There is more and more interest in Hungarian inventions aimed at the whitening of the economy. The thorough studying of these solutions was in the focus of the three-day Budapest visit of a high-level delegation consisting of executives of the Saudi Arabian tax authority. The visit ended on Wednesday, Norbert Izer, Minister of State for Tax Affairs informed the Hungarian news agency MTI.

Despite the ongoing reduction of taxes, state revenues are continuously on the rise, and one of the chief explanations for this seeming contradiction is the whitening of the economy which even the European Commission highlighted when it recognised in its study on the so-called tax gap that there is a need for the Hungarian inventions against VAT fraud, Mr Izer explained.

According to the Minister of State, news of our successful fight against the black economy is now reaching ever more distant countries. This year, the effect of the Hungarian online cash register system, whose mission is to whiten the economy, has even aroused Columbia’s interest. The Greeks studied the system in April, and therefore we cannot rule out that soon Greek shopkeepers could punch their revenues into cash registers operating according to the Hungarian system. This time, Saudi Arabia – a country with a completely different budgetary structure – is showing interest in our online solutions, the Minister of State stressed.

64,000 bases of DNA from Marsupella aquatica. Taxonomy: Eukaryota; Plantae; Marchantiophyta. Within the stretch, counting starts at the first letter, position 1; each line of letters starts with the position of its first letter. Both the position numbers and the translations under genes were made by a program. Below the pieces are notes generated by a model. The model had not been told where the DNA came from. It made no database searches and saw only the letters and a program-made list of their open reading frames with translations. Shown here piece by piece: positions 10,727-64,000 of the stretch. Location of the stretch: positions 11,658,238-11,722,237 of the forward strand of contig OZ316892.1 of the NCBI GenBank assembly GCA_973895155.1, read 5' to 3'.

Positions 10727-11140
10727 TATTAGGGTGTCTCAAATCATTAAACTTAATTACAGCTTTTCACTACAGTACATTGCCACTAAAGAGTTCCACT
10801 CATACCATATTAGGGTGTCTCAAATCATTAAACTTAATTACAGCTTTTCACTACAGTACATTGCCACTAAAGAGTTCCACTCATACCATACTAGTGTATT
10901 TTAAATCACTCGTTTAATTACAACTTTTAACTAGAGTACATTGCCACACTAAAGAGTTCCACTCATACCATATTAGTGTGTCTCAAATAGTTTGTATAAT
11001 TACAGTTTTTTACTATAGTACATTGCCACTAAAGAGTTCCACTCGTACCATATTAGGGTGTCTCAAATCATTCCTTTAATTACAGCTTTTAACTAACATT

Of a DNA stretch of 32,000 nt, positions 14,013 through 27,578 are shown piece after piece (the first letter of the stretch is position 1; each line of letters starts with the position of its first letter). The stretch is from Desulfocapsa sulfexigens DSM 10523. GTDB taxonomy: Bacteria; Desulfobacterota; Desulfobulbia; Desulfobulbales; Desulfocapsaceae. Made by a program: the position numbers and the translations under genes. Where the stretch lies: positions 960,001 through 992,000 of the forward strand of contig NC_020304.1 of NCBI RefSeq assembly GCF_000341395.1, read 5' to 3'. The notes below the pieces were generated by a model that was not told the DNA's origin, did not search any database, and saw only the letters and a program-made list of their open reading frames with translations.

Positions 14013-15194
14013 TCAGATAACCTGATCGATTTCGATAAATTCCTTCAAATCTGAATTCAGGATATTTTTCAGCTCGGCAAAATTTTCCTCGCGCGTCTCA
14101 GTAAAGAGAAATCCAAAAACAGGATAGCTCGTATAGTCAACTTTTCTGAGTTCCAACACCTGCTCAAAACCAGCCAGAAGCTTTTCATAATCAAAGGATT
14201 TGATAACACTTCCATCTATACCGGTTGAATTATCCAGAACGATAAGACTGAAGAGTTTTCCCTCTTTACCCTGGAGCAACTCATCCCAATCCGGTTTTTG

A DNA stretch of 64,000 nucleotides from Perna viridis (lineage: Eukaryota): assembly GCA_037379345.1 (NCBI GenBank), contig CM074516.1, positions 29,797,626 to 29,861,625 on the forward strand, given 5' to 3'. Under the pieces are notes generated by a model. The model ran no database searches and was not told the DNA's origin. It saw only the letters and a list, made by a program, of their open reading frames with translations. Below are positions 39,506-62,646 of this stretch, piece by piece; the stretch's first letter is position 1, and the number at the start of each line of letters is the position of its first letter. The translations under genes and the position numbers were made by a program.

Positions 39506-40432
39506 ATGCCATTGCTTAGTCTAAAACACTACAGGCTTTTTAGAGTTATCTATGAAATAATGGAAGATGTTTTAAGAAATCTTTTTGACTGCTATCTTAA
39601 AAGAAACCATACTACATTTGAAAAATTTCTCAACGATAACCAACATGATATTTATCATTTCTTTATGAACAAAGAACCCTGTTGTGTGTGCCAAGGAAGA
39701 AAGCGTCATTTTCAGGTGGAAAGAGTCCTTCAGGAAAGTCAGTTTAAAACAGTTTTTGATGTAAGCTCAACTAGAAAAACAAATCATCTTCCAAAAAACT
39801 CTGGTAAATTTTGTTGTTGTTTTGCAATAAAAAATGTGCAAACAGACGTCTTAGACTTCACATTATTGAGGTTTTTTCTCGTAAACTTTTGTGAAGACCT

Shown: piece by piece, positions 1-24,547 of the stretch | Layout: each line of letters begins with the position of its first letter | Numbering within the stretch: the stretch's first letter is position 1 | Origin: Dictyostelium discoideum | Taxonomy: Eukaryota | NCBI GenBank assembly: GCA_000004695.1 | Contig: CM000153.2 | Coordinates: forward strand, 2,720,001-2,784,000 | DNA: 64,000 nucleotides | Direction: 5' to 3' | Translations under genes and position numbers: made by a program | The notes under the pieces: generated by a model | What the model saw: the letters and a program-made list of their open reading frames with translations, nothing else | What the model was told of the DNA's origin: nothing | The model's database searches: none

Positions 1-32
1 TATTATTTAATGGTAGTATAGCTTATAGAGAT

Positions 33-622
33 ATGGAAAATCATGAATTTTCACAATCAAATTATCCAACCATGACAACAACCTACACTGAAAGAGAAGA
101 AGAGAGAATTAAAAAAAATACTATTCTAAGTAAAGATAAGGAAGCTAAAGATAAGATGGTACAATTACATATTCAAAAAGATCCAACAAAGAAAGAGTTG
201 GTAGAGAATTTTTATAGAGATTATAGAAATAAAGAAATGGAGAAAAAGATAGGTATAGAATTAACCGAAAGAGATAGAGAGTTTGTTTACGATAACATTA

“While in Hungary the National Tax and Customs Administration secures 95 per cent of the budget’s state revenues through the collection of taxes, in the Asian country 80 per cent of budgetary revenues are derived from the export of crude oil. Saudi Arabia introduced Value Added Tax only last year,” Mr Izer said.

Suhail Abanmi, head of the Saudi tax authority said the goal is not only for economic actors to pay the State the VAT introduced in 2018, but equally for the Saudi tax authority to help taxpayers with digital services which make the fulfilment of tax payment obligations as easy and convenient as possible.

According to Mr Izer, Hungary’s results are convincing as in Hungary the tax gap – meaning VAT revenues not actually collected by the State – fell from 22 per cent in 2012 to 13 per cent in 2016, and given the excellent performance of Hungary’s “economy-whitening miracle weapons” (the online cash register, the electronic system of road goods transportation controls and the online invoice), the rate of tax evasion could fall to below 10 per cent next year.

(Ministry of Finance/MTI)